John Carroll students and the University Heights community came together to hold a Tea Party on the quad, one of many being held across the U.S.
Organized by the John Carroll Conservatives, over 500 people came out to the event on Thursday, April 15. They protested current U.S. government policies and spending, most specifically health care.
“Tea” generally stands for “taxed enough already,” a slogan of the Tea Party movement, which is a national anti-tax movement.
Sophomore Nick Tribuzzo, president of the John Carroll Conservatives, said that he was very happy with the turnout at the Tea Party.
He said, “It’s been a really excellent turnout. I’m so glad that the Tea Party is reaching young people.”
Not only JCU students were present at the protest. People from all over Ohio traveled to JCU to support the Tea Party and stand united in their dissent against the Obama administration.
Dave Krutsch traveled from Mansfield to attend the Tea Party with his wife. He said, “I see the government going in a direction that is not in the best interests of our country and our Constitution. I’m scared for our kids, and we need to show the government that they work for us. We all have to do something to help.”
Along with the residents in the community attending the rally, Jim Quinn, a conservative radio talk show host based in Pittsburgh, also attended the Tea Party and spoke to all those who were there.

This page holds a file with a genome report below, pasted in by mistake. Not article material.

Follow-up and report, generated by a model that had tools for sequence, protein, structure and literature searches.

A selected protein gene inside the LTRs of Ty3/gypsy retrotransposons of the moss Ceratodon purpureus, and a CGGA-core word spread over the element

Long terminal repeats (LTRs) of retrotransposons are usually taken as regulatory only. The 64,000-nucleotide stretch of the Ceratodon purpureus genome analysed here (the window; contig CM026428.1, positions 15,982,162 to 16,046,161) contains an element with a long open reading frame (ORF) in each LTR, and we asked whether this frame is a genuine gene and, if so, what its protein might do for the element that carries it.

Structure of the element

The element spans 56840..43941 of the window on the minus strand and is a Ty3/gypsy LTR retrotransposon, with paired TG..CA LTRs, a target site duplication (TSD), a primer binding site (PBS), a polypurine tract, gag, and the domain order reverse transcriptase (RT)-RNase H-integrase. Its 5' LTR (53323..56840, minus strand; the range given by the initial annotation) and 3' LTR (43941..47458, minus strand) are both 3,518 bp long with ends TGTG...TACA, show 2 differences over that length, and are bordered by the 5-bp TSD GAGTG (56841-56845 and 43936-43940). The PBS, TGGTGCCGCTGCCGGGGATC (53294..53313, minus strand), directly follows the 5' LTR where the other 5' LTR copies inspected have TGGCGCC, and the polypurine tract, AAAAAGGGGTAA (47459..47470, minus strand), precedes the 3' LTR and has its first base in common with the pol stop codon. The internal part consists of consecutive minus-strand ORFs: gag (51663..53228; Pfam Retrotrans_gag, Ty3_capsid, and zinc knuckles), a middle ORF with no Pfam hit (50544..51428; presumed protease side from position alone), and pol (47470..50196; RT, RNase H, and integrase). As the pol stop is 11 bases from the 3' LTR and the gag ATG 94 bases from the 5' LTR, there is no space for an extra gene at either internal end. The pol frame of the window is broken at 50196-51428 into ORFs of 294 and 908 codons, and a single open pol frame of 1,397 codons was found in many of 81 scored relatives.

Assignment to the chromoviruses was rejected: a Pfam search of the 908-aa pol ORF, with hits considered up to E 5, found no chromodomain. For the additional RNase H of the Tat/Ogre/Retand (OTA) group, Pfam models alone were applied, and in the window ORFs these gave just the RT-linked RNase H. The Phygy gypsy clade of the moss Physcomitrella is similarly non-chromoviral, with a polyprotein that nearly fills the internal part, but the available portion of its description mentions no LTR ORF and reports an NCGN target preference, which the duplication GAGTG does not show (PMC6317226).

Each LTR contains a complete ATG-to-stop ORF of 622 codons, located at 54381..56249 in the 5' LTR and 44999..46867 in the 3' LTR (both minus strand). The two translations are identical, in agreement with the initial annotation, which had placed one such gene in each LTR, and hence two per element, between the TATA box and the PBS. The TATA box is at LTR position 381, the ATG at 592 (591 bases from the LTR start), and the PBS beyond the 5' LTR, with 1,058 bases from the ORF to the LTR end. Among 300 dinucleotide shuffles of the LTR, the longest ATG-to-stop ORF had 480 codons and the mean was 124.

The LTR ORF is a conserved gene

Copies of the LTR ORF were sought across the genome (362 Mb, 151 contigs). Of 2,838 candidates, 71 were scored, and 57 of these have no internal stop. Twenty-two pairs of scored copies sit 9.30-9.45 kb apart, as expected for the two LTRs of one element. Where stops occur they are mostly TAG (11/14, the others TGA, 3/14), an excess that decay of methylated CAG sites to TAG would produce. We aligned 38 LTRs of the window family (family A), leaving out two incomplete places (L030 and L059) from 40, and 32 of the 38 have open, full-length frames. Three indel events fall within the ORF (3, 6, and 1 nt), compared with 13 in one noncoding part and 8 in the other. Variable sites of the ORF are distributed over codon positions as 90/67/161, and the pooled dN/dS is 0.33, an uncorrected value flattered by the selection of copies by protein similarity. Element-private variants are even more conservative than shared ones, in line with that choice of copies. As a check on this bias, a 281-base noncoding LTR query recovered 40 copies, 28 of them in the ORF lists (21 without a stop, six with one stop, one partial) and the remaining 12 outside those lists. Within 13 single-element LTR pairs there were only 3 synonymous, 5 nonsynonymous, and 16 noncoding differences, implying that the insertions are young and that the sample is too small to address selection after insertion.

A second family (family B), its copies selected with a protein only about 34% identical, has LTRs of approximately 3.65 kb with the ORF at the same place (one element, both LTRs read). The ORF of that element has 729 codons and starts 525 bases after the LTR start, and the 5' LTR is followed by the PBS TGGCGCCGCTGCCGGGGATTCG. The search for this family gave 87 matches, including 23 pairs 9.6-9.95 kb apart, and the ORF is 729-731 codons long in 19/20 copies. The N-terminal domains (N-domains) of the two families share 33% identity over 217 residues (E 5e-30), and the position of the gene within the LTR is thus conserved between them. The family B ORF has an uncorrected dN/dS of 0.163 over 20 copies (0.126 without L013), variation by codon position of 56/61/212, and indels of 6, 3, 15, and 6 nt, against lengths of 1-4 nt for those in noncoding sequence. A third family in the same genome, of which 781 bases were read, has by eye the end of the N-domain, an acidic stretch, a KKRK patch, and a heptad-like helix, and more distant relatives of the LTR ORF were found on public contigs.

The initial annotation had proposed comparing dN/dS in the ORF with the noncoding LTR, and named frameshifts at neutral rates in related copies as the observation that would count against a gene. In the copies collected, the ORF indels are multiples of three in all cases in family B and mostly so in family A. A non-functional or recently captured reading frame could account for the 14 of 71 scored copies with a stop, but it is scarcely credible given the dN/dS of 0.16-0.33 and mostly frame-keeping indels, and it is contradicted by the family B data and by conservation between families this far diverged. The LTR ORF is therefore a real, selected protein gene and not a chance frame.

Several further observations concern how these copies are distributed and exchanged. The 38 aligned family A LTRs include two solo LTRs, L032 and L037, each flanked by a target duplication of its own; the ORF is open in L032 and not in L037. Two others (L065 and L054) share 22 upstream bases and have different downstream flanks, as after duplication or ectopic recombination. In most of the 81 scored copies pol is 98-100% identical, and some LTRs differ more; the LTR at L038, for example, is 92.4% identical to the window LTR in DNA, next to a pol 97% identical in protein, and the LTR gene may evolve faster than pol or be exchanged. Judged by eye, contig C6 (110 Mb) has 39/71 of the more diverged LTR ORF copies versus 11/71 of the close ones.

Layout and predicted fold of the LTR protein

Quinn said, “Capitalism raised the baseline of human existence. Free markets work – they are self-correcting. I am not against the redistribution of wealth, but I want to be the one to do the redistributing.”
However, not everyone at John Carroll was excited about the day’s events. Sophomore Senator Sean Cahill, said that he disagreed with the Tea Party movement.
“All of this is political rhetoric without any substance. It’s just hatred slinging at other hatred, and it’s the biggest farce I have witnessed on campus,” said Cahill.
There were also students present to protest the Tea Party.
Sophomore Andy Bryan-Ramón was among those protesting the Tea Party.
“Although, I partially agreed with the original idea of no more taxes, the Tea Party has unfortunately attracted extremist, conservative fanatics that have taken over the momentum that the group was originally pushing for, and far away from the ideals that this nation was founded upon,” said Bryan-Ramón.
The rally, which began at 11 a.m. and ended at 3 p.m., offered free food and music to those who attended. There were also other activist groups at the event. The People’s Constitution Coalition of Ohio had a table set up with petitions they wanted students to sign against health care reform.
Jean Coe, a member of the People’s Constitution Coalition of Ohio, said that it was great to be invited to the John Carroll Tea Party.
She said, “We need to make people more aware of what is going on, and show that with current government policies, there will be no more freedom. We’re here today to wake up college students.”